But to hell with the story. Like I said, it's just great fun to take this as a whole without bothering too much about the concept. A couple of the tracks are nothing more than dated psychedelic collages ('Well Of Destiny'), and a couple are rather primitive pop songs with rudimentary melodies ('She Says Good Mornings'), but every now and then the band falls upon a deep and rich psychedelic gold mine which, combined with their existent pop instincts, provides you with everything that, for instance, Syd Barrett could never provide you with. 'Bracelets Of Fingers', where S. F. Sorrow dreams of the moon, starts with some breathtaking accappella lines and goes from a heavenly chant to a wah-wah-driven rocker to a sitar-embellished mantra. 'Private Sorrow', as I already said, predicts Jethro Tull: the main melody, represented by a war march accompanied by a Celtic-sounding flute, is perhaps the most memorable moment on the album, and it brings such images to my mind as Tull rarely can - armies marching high up in the cold mountains, under a gray sky... wow, sorry for the lyrics. 'Death' is gloomy, dreary and sends shivers down your back. 'I See You' could threaten to conquer the world in its pomposity, if only 'hallucinogenous' didn't squeeze out from all of its openings. And 'Trust' is gorgeous beyond words, simply gorgeous beyond words. It's songs like that that really give 'psychedelic' a good name, apart from all the Beatles stuff, of course. Are you listening? Notice how the echo reprises everything Phil May chants out in that calm, awesome voice of his, too.

To diversify the picture, the band rocks out in a couple of places, notably on the shrill, frantic 'Baron Saturday' and the grizzly 'Old Man Going', and they certainly haven't lost any of the roughness of the early R'n'B days. But it's not the rocking out that really makes the record, no. If you want to summarize the Pretty Things at that stage of their career with just one phrase, it would be something like this: "The Pretty Things weren't the only band to go psychedelic after the Beatles showed the way, but they were the only band that were able to expand the theme of 'Tomorrow Never Knows' over the length of an entire album and get away with it'. 'Nuff said.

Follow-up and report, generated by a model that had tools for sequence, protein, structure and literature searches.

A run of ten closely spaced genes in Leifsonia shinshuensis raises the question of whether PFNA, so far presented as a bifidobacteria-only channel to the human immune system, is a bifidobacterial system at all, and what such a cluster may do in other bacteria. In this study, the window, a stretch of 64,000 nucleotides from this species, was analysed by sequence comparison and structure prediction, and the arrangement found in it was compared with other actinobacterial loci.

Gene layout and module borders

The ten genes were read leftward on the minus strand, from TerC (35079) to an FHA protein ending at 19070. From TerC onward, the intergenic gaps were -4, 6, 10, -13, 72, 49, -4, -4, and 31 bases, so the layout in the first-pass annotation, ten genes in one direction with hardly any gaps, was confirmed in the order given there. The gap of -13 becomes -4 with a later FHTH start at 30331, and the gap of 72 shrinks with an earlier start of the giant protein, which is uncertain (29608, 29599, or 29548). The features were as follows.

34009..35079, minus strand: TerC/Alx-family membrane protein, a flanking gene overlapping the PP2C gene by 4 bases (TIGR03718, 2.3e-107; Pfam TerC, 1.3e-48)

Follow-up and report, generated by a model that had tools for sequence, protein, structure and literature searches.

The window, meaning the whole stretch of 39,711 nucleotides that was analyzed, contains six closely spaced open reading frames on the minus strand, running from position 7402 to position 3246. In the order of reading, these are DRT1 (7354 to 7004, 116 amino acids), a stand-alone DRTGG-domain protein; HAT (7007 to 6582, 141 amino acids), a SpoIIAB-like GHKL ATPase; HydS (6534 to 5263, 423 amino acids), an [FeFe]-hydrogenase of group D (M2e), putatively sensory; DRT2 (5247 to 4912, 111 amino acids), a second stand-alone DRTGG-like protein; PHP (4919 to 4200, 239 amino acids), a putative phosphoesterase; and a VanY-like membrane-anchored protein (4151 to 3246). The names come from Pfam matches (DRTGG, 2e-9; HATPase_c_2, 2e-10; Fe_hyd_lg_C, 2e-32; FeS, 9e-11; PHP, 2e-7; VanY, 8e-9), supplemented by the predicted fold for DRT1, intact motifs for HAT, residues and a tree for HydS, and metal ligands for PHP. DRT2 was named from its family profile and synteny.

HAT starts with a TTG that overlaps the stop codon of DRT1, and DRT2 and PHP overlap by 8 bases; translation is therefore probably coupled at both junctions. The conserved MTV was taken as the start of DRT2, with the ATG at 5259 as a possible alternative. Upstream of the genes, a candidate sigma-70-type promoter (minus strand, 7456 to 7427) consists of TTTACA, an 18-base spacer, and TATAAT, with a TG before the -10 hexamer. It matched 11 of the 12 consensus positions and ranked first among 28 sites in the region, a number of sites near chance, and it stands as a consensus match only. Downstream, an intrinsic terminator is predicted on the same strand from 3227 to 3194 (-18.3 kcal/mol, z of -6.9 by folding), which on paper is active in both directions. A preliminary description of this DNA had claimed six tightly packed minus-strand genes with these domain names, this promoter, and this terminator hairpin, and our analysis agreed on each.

And don't forget to grab the re-issue, too: it adds four excellent bonus tracks, taken off the Pretties' psychedelic singles. 'Defecting Grey' in particular is a classic, one of the definining singles of its era: a multi-part psychedelic 'mini-suite' glued together from many pieces ranging from lightweight shuffles to backward sitar gimmicks to astral collages to heavy guitar freakouts. The others are no slouch, either.



Year Of Release: 1974
Record rating = 9
Overall rating = 11

Strangely seductive, and no, I'm not talking of the album cover (although that, too!).


Track listing: 1) Dream/Joey; 2) Maybe You Tried; 3) Atlanta; 4) L.A.N.T.A.; 5) Is It Only Love; 6) Come Home Mama; 7) Bridge Of God; 8) Singapoure Silk Torpedo; 9) Belfast Cowboys; [BONUS TRACKS]: 10) Singapoure Silk Torpedo (live); 11) Dream/Joey (live).

No, I'm not joking, it's a really good late period Pretty Things album. Hits right at the bullseye - without smashing the target to pieces, of course, but then again, what else is to be expected from an old rusty musket like the Pretty Things? Rolling Stone actually praised the record when it came out (last good thing that thing did? Possibly so!), but for the Things it was, of course, too late already; not being taken seriously with S. F. Sorrow, they could hardly be taken seriously with a derivative glam record thrown out at a time when glam was already on the wane, unless you count KISS, too.